The Accreditation Council for Graduate Medical Education is transitioning to a competency-based system with milestones to measure progress and define success of residents. The confines of the time-based residency will be relaxed. Curriculum must be redesigned and assessments will need to be precise and in-depth. Core anesthesiology faculty will be identified and will be the “trained observers” of the residents’ progress. There will be logistic challenges requiring creative management by program directors. There may be residents who achieve “expert” status earlier than the required 36 months of clinical anesthesia education, whereas others may struggle to achieve acceptable status and will require additional education time. Faculty must accept both extremes without judgment. Innovative new educational opportunities will need to be created for fast learners. Finally, it will be important that residents embrace this change. This will require programs to clearly define the specific aims and measurement endpoints for advancement and success.
THE Accreditation Council for Graduate Medical Education (ACGME) is transitioning from a time-based to a competency-based education system. It is a learner-centered approach that emphasizes achieving specific outcomes called milestones. The ACGME milestone project was designed to allow each Graduate Medical Education program to identify the behaviors and attributes that constitute the essential competencies for their specialty.1 A key assumption for our specialty is that the skill set and knowledge required to provide safe and effective anesthesia care can be broken down into subsets called milestones. The milestones are subsets of the six general competencies, and each must be easily identifiable and measureable. Education leaders in anesthesiology have identified 25 milestones and have framed each milestone in the context of a developmental continuum from novice to expert. It is expected that progression through the milestones will lead to overall proficiency in the specialty.*
The rate of achieving competency now becomes individualized for each resident. The traditional assumption that all residents will progress similarly at developing proficiency in the specialty no longer exists. This concept will create special challenges for education programs where the acquisition of the competencies may no longer be defined simply by a fixed time in the program. Rather, length of education should be removed from the equation in favor of a visible demonstration of knowledge, skills, and behavior attainment. Some will argue that becoming a competent anesthesiologist is more than the sum of the individual milestones. Reducing complex behaviors required of an anesthesiologist into small observable units of behavior is a reductionist approach when a more holistic approach to resident assessment may be sufficient.2 Qualities that distinguish outstanding providers, for example, critical decision making, multitasking, situational awareness, empathy, leadership, and resource management, may not be adequately developed and assessed in the milestone model.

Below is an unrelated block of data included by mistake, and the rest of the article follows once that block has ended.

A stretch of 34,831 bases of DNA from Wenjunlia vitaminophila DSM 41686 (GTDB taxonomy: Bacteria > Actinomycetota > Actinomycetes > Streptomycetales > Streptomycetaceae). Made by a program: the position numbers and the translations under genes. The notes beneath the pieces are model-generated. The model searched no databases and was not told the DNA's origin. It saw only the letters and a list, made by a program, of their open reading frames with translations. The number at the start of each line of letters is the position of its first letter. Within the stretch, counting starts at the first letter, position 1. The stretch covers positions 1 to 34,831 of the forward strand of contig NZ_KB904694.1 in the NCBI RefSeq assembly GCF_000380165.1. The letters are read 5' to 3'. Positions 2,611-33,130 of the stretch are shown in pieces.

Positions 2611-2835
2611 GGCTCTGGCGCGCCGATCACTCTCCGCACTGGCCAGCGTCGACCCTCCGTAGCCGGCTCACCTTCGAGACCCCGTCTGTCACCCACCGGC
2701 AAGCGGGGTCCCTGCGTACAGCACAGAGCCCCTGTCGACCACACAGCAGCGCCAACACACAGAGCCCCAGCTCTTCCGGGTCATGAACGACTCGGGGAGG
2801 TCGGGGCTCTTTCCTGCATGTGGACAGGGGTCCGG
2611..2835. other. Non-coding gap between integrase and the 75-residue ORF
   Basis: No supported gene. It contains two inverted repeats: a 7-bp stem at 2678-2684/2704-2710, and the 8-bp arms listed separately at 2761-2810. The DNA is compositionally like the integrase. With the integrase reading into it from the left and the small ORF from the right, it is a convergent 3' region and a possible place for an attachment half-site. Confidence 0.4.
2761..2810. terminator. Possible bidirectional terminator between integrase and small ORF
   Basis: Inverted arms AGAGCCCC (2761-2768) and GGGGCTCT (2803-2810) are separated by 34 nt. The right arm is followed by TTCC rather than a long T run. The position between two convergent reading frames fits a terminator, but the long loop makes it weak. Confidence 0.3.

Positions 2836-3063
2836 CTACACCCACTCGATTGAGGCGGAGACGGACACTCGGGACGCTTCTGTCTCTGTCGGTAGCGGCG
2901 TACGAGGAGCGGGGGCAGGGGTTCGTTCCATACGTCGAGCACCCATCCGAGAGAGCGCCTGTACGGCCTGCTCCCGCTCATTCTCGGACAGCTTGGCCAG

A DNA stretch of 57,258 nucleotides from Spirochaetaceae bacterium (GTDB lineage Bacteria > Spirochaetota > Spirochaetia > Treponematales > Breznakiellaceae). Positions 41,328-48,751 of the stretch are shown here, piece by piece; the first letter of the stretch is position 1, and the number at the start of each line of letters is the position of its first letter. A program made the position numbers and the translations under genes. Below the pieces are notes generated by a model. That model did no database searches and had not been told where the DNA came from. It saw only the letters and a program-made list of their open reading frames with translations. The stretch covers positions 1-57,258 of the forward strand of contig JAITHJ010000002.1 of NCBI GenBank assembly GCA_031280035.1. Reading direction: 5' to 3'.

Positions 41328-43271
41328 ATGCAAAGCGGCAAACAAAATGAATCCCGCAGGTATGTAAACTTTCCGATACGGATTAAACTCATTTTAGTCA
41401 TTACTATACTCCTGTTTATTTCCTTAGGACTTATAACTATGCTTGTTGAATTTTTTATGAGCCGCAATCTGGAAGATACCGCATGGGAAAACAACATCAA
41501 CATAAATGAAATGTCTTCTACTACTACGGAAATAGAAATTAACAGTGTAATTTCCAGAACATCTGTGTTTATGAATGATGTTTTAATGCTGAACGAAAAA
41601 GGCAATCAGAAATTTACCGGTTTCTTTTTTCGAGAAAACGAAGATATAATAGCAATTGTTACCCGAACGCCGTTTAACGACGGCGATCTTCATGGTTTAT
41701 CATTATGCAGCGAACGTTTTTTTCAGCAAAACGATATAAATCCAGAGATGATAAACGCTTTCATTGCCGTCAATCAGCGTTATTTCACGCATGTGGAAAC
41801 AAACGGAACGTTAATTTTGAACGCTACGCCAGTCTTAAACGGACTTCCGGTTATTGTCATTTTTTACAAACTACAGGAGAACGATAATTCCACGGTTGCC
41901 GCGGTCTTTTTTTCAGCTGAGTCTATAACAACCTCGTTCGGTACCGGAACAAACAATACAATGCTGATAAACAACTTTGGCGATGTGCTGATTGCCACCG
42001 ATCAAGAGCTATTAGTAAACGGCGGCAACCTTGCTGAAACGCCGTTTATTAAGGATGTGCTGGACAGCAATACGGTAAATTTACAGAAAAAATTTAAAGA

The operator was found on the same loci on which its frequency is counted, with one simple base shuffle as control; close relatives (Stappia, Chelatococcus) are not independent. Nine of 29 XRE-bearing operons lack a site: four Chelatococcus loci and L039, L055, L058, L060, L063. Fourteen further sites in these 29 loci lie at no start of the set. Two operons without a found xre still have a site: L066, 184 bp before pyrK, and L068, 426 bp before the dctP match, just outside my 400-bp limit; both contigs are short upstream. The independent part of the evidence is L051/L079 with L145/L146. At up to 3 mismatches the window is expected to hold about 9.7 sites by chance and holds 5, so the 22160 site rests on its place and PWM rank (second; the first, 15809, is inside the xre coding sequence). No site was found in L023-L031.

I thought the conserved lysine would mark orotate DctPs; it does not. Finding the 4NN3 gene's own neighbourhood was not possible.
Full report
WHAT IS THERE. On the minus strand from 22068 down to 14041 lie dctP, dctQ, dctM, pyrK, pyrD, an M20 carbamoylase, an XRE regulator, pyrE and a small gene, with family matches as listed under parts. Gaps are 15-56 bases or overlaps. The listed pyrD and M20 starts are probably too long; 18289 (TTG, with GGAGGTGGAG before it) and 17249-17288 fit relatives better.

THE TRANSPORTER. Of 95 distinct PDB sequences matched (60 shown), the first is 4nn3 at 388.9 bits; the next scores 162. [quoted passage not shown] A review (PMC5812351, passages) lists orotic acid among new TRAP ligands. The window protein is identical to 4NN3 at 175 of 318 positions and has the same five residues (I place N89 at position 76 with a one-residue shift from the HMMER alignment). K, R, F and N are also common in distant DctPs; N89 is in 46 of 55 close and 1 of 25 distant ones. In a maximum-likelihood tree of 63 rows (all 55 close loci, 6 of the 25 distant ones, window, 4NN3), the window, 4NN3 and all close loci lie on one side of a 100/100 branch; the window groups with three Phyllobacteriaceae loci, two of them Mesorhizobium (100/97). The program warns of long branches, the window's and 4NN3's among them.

Since this conversation first began, there has been debate over the “what, why, and how” of a competency-based, postgraduate education program for anesthesiology that incorporates milestones into the learning process.3–6 As Yogi Berra once said, “If you don’t know where you’re going, you ain’t gonna get there.” Educators will debate the costs and benefits of a changed construct for education, and program directors will lament the challenges with curriculum design and equitable and consistent assessment. Residents will need to know precisely how they are progressing and what it takes to achieve the expert level of each milestone. This monograph reviews the historical basis for the time-based and competency-based education programs and presents some of the special challenges resulting from the upcoming paradigm shift to milestones in anesthesiology training programs.
Historical Perspectives on Medical Education
Before the initiation of a time-based residency program, young, aspiring, physician trainees learned their specialty as apprentices. As might be expected, there was substantial variability with patient contact and case exposure that led to a highly inconsistent development of diagnostic and surgical skills. During this early developmental period in medical education, the goal of the schools was frequently financial gain rather than high-quality physician education.
In 1889, the fundamental elements of a time-based education program were described at Johns Hopkins. William Welch, M.D. (1850–1934, Professor of Pathology, Founder Johns Hopkins Hospital), a Yale graduate who served as the founding Dean at Hopkins, recruited William Osler, M.D., 1849–1919 (Professor of Medicine, Founder Johns Hopkins Hospital), as the first Chief of Medicine. They and colleagues established a science-based foundation for medical education. The first residency was established with a predefined program length and structured educational content.7 Medical education transformed to direct patient experience with escalating patient care responsibilities. A period of supervised practice was to follow completion of medical school.8 Over the next century, the Hopkins model was conceptually challenged, but stood the test of time reasonably well. Refinement in the time-based model for residency education occurred along the way with four periods of distinct change. These occurred with the Flexner Report of 1910, with the passage of the Medicare Bill of 1965 and the nearly simultaneous publication of the Millis report in 1966, with the formation of the ACGME in 1981, and most recently with the ACGME’s adoption of the six general competencies for graduate medical education in 2002.